But it appears the Australian hotspot waned with time. And we have found the volcanoes’ inner structure and eruptions changed as a result. Our new findings show hotspot strength has key impacts on the evolution of volcanoes’ inner structure, along with their location and lifespan.
Hotspots change Earth’s surface
Hotspot volcanoes can produce very large volumes of lava and have an important role in Earth’s evolution and atmosphere. Today, famously active hotspot volcanoes include the Hawaiian volcanoes in the Pacific Ocean and the Canary Islands in the Atlantic Ocean. These are known as ocean island volcanoes.
The Australian hotspot chain provides a continental perspective and covers the life cycle of a hotspot – a unique opportunity to better understand how hotspot volcanoes work, why they erupt, and how they evolve with time.
We found the strength of the hotspot and magma supply controls the duration, make-up and explosiveness of volcanoes at the surface. Around 35 to 27 million years ago, the early Australian hotspot was strong and generated enormous, long-lasting volcanoes across Queensland where magma (molten rock) took a direct route to the surface.
In contrast, the more recent (20 to 6 million years ago) New South Wales volcanoes are smaller and had shorter lifetimes, suggesting the hotspot lost strength with time. Interestingly, reduced supply made the magma’s journey to the surface more complicated, with many stops (magma chambers) and more explosive eruptions.
The tipping point occurred at the stunning Tweed-Wollumbin (Mount Warning) volcanic landscape, which formed 21–24 million years ago at today’s border between Queensland and New South Wales.
A view of the volcanic Tweed Valley with Wollumbin (Mount Warning) in the foreground. Jiri Viehmann/Shutterstock
The secret journey of magma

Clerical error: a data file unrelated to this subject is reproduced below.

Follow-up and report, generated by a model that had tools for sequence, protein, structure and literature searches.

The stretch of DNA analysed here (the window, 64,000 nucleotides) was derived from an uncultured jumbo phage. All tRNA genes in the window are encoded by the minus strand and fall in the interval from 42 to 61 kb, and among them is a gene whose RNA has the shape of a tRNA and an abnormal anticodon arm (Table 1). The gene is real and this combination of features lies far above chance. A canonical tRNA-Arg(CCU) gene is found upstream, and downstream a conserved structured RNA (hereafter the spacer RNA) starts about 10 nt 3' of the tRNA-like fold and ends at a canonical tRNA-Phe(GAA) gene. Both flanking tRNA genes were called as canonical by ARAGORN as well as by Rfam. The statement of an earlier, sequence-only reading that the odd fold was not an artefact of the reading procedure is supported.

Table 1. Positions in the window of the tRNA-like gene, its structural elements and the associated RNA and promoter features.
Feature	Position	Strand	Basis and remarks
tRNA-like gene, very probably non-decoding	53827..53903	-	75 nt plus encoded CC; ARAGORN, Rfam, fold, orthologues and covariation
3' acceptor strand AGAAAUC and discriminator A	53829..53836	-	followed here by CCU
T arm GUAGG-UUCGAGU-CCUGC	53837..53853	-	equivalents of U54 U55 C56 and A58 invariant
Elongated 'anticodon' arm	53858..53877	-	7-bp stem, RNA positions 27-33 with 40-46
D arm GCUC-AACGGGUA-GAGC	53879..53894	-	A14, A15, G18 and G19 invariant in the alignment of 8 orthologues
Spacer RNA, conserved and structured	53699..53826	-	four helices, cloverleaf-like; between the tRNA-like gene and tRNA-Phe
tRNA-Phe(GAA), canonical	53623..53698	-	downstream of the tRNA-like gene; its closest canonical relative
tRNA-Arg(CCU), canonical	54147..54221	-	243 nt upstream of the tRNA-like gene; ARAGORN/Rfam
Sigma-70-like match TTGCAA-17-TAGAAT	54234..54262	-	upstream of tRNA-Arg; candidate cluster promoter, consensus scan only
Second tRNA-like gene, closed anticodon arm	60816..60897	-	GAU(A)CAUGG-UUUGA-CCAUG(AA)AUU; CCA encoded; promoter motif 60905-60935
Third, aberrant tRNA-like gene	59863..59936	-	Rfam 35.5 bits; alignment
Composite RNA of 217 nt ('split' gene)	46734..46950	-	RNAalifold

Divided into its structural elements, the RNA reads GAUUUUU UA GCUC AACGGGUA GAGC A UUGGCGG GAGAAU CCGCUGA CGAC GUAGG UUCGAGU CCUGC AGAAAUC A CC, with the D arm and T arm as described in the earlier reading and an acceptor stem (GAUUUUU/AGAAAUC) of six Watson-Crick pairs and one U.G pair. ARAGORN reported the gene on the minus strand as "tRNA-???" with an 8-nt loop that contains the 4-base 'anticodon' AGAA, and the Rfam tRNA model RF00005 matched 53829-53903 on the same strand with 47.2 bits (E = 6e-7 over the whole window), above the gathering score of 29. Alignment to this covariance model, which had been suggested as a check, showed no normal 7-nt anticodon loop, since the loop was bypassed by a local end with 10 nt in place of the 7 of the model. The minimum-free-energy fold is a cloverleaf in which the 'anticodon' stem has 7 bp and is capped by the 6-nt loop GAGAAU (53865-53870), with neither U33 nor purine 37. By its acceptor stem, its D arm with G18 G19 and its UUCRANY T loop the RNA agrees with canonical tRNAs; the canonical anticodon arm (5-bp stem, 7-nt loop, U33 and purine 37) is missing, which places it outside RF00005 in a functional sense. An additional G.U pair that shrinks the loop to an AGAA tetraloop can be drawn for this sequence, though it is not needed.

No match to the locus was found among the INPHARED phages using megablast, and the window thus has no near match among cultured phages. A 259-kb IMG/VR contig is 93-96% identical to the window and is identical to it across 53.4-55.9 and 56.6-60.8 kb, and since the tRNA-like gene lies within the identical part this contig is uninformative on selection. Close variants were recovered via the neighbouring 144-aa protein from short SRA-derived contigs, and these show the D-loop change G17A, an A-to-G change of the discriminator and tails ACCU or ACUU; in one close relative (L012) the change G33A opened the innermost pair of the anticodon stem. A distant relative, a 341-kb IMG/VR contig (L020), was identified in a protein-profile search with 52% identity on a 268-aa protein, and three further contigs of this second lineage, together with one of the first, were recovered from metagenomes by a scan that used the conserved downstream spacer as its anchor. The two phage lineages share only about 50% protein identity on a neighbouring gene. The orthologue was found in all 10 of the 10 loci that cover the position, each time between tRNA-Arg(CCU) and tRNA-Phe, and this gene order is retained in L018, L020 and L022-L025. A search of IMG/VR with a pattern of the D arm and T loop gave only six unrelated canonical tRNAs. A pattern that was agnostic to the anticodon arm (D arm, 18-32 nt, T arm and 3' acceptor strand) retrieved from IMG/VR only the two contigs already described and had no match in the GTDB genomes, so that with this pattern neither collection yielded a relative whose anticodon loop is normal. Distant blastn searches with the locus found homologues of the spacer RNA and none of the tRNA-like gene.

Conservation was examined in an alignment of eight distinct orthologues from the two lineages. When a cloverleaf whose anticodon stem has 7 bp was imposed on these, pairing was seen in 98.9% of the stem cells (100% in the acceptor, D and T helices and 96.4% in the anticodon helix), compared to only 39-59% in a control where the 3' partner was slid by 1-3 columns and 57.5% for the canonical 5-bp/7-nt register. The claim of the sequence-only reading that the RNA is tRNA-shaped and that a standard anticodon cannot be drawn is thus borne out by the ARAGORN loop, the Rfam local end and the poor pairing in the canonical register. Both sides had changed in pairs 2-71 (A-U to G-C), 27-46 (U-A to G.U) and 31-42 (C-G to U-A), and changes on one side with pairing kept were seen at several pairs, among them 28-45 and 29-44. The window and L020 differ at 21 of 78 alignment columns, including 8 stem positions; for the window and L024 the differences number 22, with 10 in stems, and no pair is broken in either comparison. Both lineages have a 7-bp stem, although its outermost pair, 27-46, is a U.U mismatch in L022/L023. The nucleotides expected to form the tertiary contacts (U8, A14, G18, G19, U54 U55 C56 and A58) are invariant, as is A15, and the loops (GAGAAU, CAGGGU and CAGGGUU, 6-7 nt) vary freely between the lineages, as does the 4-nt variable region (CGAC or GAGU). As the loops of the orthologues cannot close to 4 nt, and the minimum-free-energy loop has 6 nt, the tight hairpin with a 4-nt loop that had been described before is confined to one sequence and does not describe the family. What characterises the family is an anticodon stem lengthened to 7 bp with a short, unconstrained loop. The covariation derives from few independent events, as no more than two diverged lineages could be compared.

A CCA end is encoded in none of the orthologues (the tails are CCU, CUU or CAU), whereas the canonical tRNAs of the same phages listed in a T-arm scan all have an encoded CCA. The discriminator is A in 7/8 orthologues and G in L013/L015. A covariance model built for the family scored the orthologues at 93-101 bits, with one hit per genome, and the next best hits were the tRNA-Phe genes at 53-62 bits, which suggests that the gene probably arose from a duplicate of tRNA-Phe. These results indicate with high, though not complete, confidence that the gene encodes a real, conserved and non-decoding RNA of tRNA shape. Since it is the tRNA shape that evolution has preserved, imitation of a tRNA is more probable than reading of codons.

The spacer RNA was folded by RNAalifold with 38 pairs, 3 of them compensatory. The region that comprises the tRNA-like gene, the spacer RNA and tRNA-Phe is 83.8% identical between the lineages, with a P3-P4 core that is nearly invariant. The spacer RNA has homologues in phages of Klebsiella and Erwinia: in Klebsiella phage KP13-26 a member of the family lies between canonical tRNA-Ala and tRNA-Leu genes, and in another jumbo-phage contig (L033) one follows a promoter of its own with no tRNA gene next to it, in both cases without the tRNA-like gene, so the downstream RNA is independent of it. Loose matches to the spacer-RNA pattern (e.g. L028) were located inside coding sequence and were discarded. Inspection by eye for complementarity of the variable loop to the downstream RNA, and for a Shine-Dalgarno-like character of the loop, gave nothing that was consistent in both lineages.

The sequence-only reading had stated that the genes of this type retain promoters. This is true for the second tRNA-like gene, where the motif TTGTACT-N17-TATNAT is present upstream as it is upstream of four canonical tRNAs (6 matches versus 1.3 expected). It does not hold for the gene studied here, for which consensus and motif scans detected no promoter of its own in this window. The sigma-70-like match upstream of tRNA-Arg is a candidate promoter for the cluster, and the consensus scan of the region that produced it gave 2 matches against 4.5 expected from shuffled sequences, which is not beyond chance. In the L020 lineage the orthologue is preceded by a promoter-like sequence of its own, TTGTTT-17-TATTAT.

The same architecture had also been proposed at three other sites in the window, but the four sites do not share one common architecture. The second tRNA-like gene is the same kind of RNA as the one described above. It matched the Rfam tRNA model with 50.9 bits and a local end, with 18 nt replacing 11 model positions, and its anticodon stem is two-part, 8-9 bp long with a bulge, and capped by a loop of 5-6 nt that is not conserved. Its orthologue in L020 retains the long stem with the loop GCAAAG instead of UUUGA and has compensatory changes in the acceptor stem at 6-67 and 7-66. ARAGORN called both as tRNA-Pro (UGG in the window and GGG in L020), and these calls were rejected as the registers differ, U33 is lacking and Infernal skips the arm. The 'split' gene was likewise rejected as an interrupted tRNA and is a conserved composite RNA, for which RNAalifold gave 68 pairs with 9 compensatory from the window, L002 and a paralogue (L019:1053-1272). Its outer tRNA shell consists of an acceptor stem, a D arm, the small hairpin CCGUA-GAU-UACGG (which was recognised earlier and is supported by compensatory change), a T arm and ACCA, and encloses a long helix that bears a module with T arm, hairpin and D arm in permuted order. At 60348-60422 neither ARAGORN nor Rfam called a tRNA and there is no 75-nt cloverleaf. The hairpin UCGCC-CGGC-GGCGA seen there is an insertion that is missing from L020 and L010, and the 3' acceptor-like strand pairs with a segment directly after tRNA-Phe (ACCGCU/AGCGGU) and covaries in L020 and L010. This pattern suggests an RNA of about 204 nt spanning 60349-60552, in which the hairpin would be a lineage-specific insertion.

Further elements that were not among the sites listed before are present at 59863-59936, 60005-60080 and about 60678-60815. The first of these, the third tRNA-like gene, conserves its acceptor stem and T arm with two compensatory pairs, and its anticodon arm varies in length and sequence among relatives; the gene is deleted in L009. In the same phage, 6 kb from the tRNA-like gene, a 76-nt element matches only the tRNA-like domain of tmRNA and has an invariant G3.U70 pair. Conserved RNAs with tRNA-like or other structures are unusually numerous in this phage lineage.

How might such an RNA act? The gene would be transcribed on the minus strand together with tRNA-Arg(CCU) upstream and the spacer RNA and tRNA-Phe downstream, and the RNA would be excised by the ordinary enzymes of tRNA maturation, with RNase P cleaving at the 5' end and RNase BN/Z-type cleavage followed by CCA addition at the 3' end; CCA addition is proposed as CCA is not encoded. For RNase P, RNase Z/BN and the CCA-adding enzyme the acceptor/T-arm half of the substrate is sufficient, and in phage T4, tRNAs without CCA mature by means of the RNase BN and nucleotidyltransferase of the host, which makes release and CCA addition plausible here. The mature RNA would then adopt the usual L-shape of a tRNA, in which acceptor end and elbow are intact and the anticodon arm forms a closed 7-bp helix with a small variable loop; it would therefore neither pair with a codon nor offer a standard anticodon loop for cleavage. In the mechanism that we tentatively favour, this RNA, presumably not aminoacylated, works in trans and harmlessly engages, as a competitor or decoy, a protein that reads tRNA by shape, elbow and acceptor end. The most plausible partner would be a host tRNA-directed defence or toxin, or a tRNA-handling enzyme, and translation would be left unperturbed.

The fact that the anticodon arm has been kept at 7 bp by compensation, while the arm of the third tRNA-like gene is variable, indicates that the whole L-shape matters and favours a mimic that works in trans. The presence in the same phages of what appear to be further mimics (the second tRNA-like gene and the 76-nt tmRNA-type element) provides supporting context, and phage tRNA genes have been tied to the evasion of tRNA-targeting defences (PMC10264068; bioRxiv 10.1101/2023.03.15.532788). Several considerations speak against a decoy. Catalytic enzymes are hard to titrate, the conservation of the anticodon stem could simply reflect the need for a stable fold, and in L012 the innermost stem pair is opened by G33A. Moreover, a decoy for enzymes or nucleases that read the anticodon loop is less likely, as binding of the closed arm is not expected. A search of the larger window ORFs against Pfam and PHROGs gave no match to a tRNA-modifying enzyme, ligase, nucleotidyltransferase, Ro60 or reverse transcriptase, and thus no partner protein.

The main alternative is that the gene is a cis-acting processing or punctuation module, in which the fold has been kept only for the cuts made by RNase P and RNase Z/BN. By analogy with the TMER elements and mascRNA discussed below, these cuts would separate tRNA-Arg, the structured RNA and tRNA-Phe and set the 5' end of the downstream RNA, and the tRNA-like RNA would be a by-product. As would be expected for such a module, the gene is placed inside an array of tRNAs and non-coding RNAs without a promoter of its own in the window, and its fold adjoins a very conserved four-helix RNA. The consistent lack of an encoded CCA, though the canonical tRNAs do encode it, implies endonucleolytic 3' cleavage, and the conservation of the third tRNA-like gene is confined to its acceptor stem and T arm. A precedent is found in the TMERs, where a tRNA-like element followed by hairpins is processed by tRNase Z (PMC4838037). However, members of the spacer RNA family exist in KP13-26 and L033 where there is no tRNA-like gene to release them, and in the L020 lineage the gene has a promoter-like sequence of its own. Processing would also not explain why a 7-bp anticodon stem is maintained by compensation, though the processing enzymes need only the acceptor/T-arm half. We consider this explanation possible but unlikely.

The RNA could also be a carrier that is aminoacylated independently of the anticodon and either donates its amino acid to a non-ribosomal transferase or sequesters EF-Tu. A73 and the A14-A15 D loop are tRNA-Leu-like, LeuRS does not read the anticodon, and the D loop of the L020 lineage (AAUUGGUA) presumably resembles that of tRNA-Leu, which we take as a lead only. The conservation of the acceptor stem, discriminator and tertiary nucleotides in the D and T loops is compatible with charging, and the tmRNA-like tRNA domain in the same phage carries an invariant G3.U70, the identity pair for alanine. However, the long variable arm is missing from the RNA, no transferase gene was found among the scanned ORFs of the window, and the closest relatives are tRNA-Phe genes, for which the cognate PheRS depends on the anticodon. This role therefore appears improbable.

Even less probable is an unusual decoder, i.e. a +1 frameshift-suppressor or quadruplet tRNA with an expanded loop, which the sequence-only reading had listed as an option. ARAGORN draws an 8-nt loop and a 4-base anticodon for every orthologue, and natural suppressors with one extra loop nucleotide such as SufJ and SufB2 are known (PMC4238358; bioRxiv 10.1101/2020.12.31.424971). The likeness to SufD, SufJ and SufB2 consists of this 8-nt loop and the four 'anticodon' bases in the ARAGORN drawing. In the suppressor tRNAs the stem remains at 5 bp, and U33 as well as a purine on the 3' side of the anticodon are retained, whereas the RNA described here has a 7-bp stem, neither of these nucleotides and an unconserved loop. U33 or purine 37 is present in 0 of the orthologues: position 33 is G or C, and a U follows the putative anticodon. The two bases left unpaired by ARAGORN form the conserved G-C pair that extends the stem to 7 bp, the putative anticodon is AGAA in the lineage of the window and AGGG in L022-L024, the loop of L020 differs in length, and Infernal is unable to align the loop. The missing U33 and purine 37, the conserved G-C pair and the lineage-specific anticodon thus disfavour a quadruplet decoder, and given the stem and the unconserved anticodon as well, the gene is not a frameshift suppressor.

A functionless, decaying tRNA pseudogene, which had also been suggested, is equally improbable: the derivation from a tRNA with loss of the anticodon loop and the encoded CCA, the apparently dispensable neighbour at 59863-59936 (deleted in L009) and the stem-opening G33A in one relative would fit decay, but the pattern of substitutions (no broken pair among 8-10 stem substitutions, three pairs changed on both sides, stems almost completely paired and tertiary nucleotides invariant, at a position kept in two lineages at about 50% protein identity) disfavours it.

To discover the journey of magma inside the volcano, and the stops it made on its way to eruption, we analysed volcanic crystals. These are the little heroes that make it all the way to the surface. Mainly composed of silicate minerals like olivine, pyroxene and plagioclase, the crystals grow in the guts of the volcano at high temperature, and register what happens before eruptions start.
These crystals are quite simple in northern volcanoes like Buckland in Queensland, which means they travel through few, simple magma chambers. In contrast, the crystals become very complex in southern volcanoes like Nandewar and Warrumbungle in New South Wales, which means they had a complicated journey through lots of busy magma chambers – lots of stops.
Importantly, when magma stops in a chamber, it cools down and becomes more viscous and difficult to erupt – a bit like cold toothpaste, instead of hot coffee. This thick, lazy magma may need new, hotter magma (caffeinated!) to come and push it to erupt.
If that happens, the gases trapped in the colder magma may not be able to escape, since the magma is so thick. This results in a pressure buildup, eventually exploding like a shaken bottle of fizzy drink – an explosive volcanic eruption.
A special clock
The cold and hardened lava flows we see in the form of volcanic rocks contain a special clock – radioactive chemical elements have slowly broken down into stable daughter products that accumulate and increase in concentration as time passes.
The beauty of this process is that we know how fast it occurs. By measuring the ratio of the radioactive element and its stable daughter product we can calculate the age of a volcanic rock. By measuring the age of each lava flow from the bottom to the top of the volcano, we can measure its lifetime.
Our study shows the relevance of Australian volcanoes, even if mostly extinct, in better understanding eruptions that have shaped the evolution of our planet. We demonstrate the fundamental role of hotspot strength and magma supply on Earth’s landscape, as well as the eruption styles and lifetimes of volcanoes.
This breakthrough makes it possible to visualize the inner structure of hotspot volcanoes, and their evolution, uniquely easily accessible in the ancient, exposed Australian landscape.
Al-Tamini Tapu, Geoscientist, The University of Queensland; Paulo Vasconcelos, Professor, The University of Queensland, and Teresa Ubide, Associate Professor - Igneous Petrology/Volcanology, The University of Queensland
This article is republished from The Conversation under a Creative Commons license. Read the original article.